429 Magazine

Guinness Wardrobe of Records

As fashion month draws to an end, we're taking a look into our archives at the daringly-fashionable Honorable Daphne Guinness. In this interview, originally published on December 7, 2011, dot429 executive fashion editor Stephan Rabimov asks Guinness about her childhood, fears, and fetishes.

Iconic status is not created; it is earned. Even in our digital age of instant gratification. This is especially true in the world of arts and fashion. Few people now can match the influence of the revered Honorable Daphne Guinness. A living couture legend, this modern-day Renaissance woman has finally opened her extraordinary life and wardrobe to the general public. Recently I had the pleasure of interviewing Guinness in light of her eponymous fashion exhibit at Museum at the FIT. We talked about childhood memories, shared advice on dealing with fears, and discussed Russian literature and the challenges of being a co-curator and muse. 

In our conversation, Guinness admits that "the idea of putting oneself on view" was at times overwhelming as the preparations for the exhibition were underway.  "It's personal, as if you are being stripped," said Guinness. Yet, it is also plain to see that she enjoys sharing her impossible-to-find, one-of-a-kind haute couture collection: "Not to be able to share with people... is selfish," she explained. In the spirit of DEPESHA magazine's highly curated content, I bring to you the highlights from our exclusive tête-à-tête.

dot429: Is there one moment in your childhood that particularly stands out?

Daphne Guinness: I was quite a tomboy; I was always falling out of trees. Perhaps this is how my fascination with armor began. I had to be tough in the environment I grew up, with so many brothers and sisters.

dot429: How do you deal with fear?

DG: Just to know that's its fear. It doesn't mean that you don't feel fear, because everyone does. I've done things to get over my fear of flying. I jumped with a parachute off the cliff. It worked. I am not frightened anymore. Fear is a very funny mental thing. You just try to get over it.  I've stopped watching TV a long time ago and I don't read about things that instill fear. I rather read things that are more nourishing, instead of those that make you more anxious.
You have to concentrate on the positive things in life.

Featuring intimate footage of Daphne Guinness at her Fifth Avenue apartment, this short film follows the eccentric fashion patron and socialite as she prepares for her recent installation in the windows of Barneys New York.

dot429: Do you think one can have an emotional relationship with clothes?

DG: I don't think you can miss anything that can't miss you. There are a few items that I am attached to, like white shirts [smiles] and my shoes. Perhaps, when you have less to choose from, you'll end up looking better; when you have less to deal with, you are less confused. But I like to collect. I am very interested in textiles, old and new, Chinese and Japanese robes, embroideries, lace. I like to see how it is all made. It's really the craft and the history that I have a relationship with; it's much less to do with trends.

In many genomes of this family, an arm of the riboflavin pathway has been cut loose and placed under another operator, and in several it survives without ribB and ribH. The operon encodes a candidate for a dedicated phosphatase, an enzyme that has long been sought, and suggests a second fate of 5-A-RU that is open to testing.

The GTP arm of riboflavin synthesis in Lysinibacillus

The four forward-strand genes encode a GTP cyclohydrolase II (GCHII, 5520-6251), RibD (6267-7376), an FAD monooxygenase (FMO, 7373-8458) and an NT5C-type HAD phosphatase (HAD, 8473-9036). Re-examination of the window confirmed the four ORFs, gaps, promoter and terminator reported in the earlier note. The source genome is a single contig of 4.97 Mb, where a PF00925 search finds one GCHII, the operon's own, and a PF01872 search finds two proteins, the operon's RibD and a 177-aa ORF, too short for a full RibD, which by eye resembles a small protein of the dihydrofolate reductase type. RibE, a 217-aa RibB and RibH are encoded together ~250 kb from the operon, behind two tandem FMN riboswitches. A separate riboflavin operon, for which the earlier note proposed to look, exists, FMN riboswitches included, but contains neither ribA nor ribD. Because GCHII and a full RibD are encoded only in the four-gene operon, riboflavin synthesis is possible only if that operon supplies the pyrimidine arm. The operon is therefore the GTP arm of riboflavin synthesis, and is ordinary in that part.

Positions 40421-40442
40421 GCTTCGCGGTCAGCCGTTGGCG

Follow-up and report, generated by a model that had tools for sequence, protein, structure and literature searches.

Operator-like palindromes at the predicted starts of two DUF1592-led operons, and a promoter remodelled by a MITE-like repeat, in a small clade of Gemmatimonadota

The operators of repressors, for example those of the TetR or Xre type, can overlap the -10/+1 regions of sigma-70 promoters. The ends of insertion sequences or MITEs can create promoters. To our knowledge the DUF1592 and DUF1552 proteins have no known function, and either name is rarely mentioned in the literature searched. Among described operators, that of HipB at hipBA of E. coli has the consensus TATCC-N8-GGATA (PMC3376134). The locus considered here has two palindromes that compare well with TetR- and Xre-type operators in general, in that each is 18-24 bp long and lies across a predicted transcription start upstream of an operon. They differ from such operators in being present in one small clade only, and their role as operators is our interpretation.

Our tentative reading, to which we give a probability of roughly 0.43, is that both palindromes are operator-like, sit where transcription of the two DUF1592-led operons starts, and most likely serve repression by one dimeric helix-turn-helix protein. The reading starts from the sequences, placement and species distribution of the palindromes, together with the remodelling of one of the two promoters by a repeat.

dot429: Would you call this relationship a fetish?

DG: I love fetish, and the fantastic silhouettes. I can imagine it could be seen like that. A fetish object is something that compels you, and people have fetishes for all sorts of things. It is a very human thing. It’s sort of an exploration of the human body. I did a life drawing course at the Slade. I wanted to take an architecture drawing course and the professor said no: Do the human body first, and then you’ll understand architecture. It’s the original geometry.

Daphne Guinness tribute to Alexander McQueen performed in New York in March 2011. Video by Indriani and GK Reid.

dot429: Have you ever been to Russia?

DG: I am dying to go to Russia. Particularly, it is Russian literature that excites me: Turgenev, Tolstoy, Goncharov, Dostoevsky, and Bulgakov. I also find the concept of the "Russian soul" fascinating.

dot429: What do you think of the oft-quoted Dostoevsky line from The Idiot: "Beauty will save the world"?

DG: This is true. I do believe it. Nature follows art. It takes art to point out what is beautiful. The world has become a bit of a mess, but we are capable of changing it by thinking about what's beautiful, reminding ourselves. You try to do the correct thing. It’s inside of you. It starts there.

To learn more about the Hon. Daphne Guinness and her impact on the creative trajectories of the world’s leading fashion designers, check out the DEPESHA review of the Museum at FIT exhibition here. The installation mentioned was on display in New York City through January 7, 2012.

Originally published on December 7, 2011.

Written By:
Stephan S Rabimov
Stephan S Rabimov
Thu, Mar 05, 2015
Comment by djdot429
almost 5 years ago

Love her! Great Article!

Comment by manthan9005
10 months ago

Comment by kater88
6 months ago

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